Gifts & Gems from the Internet

Thursday, September 27, 2012

Sometimes, I think the internet is the best and worst thing that’s happened to me. 

It’s been the best because:

  • The net got my writing career started. Believe it or not, the internet is where I learned to write. English was my best subject. I started writing early, left it for twenty years and then came back to it. Wrote a few articles, got them published and joined a writing network.
  • I learned the craft of writing at (link in my sidebar if you care to check it out). There were some awesome writers there in 2005 when I joined. Many of them have moved on since, but those guys taught me the basics about writing stories. The site still has some wonderful writers, but I don’t spend as much time there now. Time constraints and all.
  • The net has been a wonderful source of information. I’ve found everything I needed to know about particular writing techniques. End result is that I’m a much better writer. 

The net has also been the worst because:

  • It’s a constant source of distraction. Think social media and evasive research tactics—as in, look up stuff when you really don’t wanna write right now.
  •  It’s an unending source of TMI (too much information), which has me running in so many directions. Case in point—I’ve been reading tons about book marketing, making a career out of writing and now have way too many ideas fighting for space and priority.

Where am I going with this?

For years, everything has been pointing me toward writing a plan and getting my books out on a schedule. Now, everything I’m reading cements the fact that I'm going in the right direction by deciding to put my work out under my own steam. 

My foray into traditional publishing has been a valuable experience, but I’m also a bit disenchanted.  I was about to enter another arrangement with a small publisher, but when I looked at their covers, all of them were generic – different pictures and a band across top and bottom for the book title and author’s name. Having dabbled in self-publishing, that doesn’t appeal to me at all. For me, books are like people. Each is an individual and even if there is a similar look that takes care of branding, I like seeing something unique with each cover.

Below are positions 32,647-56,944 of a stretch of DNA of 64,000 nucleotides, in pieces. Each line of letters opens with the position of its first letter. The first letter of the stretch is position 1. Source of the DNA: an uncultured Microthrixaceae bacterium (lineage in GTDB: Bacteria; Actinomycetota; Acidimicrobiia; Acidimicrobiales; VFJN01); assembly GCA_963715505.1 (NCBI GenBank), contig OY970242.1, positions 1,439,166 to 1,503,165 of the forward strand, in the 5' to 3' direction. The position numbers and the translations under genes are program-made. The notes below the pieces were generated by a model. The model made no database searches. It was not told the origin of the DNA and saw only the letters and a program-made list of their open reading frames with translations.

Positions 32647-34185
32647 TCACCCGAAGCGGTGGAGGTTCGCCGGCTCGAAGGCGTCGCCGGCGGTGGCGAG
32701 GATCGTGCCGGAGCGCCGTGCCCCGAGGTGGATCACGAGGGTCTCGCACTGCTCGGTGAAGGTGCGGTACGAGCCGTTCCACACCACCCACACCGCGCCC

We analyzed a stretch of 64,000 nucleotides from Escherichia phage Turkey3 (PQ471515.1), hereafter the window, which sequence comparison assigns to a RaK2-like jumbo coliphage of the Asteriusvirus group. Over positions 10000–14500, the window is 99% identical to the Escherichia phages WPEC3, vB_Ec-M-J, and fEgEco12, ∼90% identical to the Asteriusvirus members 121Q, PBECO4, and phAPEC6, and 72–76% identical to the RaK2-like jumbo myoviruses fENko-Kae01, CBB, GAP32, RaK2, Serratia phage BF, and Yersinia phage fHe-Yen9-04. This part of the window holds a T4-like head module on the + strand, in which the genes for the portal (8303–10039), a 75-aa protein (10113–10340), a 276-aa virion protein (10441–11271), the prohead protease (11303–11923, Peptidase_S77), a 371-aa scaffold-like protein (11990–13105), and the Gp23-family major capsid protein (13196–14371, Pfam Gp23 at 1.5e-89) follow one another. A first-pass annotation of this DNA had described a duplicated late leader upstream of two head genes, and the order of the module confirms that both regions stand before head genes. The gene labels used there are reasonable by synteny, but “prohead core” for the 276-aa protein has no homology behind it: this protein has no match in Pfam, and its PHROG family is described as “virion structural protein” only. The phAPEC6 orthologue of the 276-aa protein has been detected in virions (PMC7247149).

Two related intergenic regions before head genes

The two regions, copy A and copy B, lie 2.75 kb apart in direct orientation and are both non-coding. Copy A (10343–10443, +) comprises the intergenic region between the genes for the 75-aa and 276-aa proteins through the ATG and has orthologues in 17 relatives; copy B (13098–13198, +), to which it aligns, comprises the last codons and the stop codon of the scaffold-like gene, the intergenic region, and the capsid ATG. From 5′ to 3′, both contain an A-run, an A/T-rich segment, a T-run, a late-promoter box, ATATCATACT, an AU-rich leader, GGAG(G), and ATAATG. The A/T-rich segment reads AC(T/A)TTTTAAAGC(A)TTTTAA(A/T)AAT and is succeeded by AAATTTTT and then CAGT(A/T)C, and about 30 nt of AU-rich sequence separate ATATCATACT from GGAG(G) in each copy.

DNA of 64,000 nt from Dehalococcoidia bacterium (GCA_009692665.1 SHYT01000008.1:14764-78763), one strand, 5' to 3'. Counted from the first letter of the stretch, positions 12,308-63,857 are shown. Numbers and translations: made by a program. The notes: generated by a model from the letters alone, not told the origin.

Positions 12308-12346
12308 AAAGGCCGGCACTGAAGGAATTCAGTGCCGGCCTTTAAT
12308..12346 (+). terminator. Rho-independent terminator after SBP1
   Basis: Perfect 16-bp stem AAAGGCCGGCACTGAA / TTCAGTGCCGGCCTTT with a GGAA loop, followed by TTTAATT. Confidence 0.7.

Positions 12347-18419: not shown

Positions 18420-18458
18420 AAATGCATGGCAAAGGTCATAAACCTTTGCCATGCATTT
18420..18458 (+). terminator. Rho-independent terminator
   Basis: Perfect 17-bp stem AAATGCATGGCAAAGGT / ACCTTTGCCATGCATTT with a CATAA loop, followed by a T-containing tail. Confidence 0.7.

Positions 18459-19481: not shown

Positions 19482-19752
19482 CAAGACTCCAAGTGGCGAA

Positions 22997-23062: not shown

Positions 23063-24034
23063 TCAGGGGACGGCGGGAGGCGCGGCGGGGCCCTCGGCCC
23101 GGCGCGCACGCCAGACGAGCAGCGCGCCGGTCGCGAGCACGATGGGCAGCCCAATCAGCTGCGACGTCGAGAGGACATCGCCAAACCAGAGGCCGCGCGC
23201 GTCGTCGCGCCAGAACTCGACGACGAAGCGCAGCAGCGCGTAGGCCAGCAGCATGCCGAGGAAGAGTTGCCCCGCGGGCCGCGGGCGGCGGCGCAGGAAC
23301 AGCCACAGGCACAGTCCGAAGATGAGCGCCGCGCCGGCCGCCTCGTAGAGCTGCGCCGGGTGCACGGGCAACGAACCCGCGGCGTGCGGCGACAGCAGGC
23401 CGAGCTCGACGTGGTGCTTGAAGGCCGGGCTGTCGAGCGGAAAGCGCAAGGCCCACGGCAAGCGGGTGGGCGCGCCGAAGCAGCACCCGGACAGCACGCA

So for right now, taking the internet and all its distraction into account, this is what I’m gonna do.

  • ·         Complete the plan/schedule I started writing
  • ·         Do the work required for each book
  • ·         Publish my books

An aside or two here. 

I think at some point I’m going to need a beta reader for Retribution (the stand-alone sequel to Distraction). It’s been read chapter by chapter on the writing site, but not yet taken as a whole. If anyone out there is interested, let me know, but I do have a way to go still in terms of editing.  Also haven’t even written the last chapter yet, truth be told.

You didn’t think I was gonna let you go without telling about what happened on BBCAM last night, did you? 

Again, some awesome writing and acting on LUTHER. The ending left me wondering how on earth the three persons left standing at the end (well, two standing and Luther on the ground, having been stabbed in the gut) are gonna get out of the pickle of having one murdered culprit to account for.  

Can’t wait for next week and can’t believe they cancelled the show. Hope I got that wrong. The series didn’t win an Emmy. Still, it’s the best crime drama I’ve ever watched. 


Leaving you with a clip that explores the series from the perspective of writer and actor, plus some inneresting scenes. 


  1. I know exactly what you mean about the internet being both a blessing and a curse. I can't imagine trying to write without it - but sometimes I can't write because of it!

    Good luck with self-publishing, too. Sounds like you have good reasons for it, and will put out a higher quality product on your own - especially cover-wise. Covers are SO important, aren't they?

  2. Hi, Caryn, thanks for stopping in. Sometimes, I have to tell myself 'I'm shutting off the internet' to write. Long gone are the days of dial up, so now I have to work in a cycle of write-reward-repeat. Otherwise, I'd get nothing done.

    Couldn't agree more that covers are way important.

  3. I agree, Joy. The Internet is a blessing and a curse! I spend way too mauch time online yet without it I wouldn't be able to promote and work!


  4. Balance is tough. I thought I went through the traditional market for a year, but it turns my book was never submitted by either of my agents. I decided to go small press, and now I am self-publishing. I don't believe there is a right or wrong way, there is just a way that works now. The industry is changing so quickly we just do what we think is best. Good luck with your upcoming releases. I'm excited for you!

    1. Yeah, it is challenging to figure out what needs to be done first and stick with that. I've never been good at staying with one thing.

      Some odd things do happen in the world of traditional publishing. Thanks for your good wishes. I need to quell my excitement long enough to figure out how I'm going to juggle the three things that are calling my name now.

  5. I like my small publisher because they really work hard on the covers. It's all original artwork done with a particular style in mind.

    1. Good for you, Mike. It sounds like your experience has been mostly positive.

  6. I love the internet for all that - especially the writers/blogging community. But, oh!, it's such a distraction from writing sometimes!


Don't be shy, I'd love to hear what you think.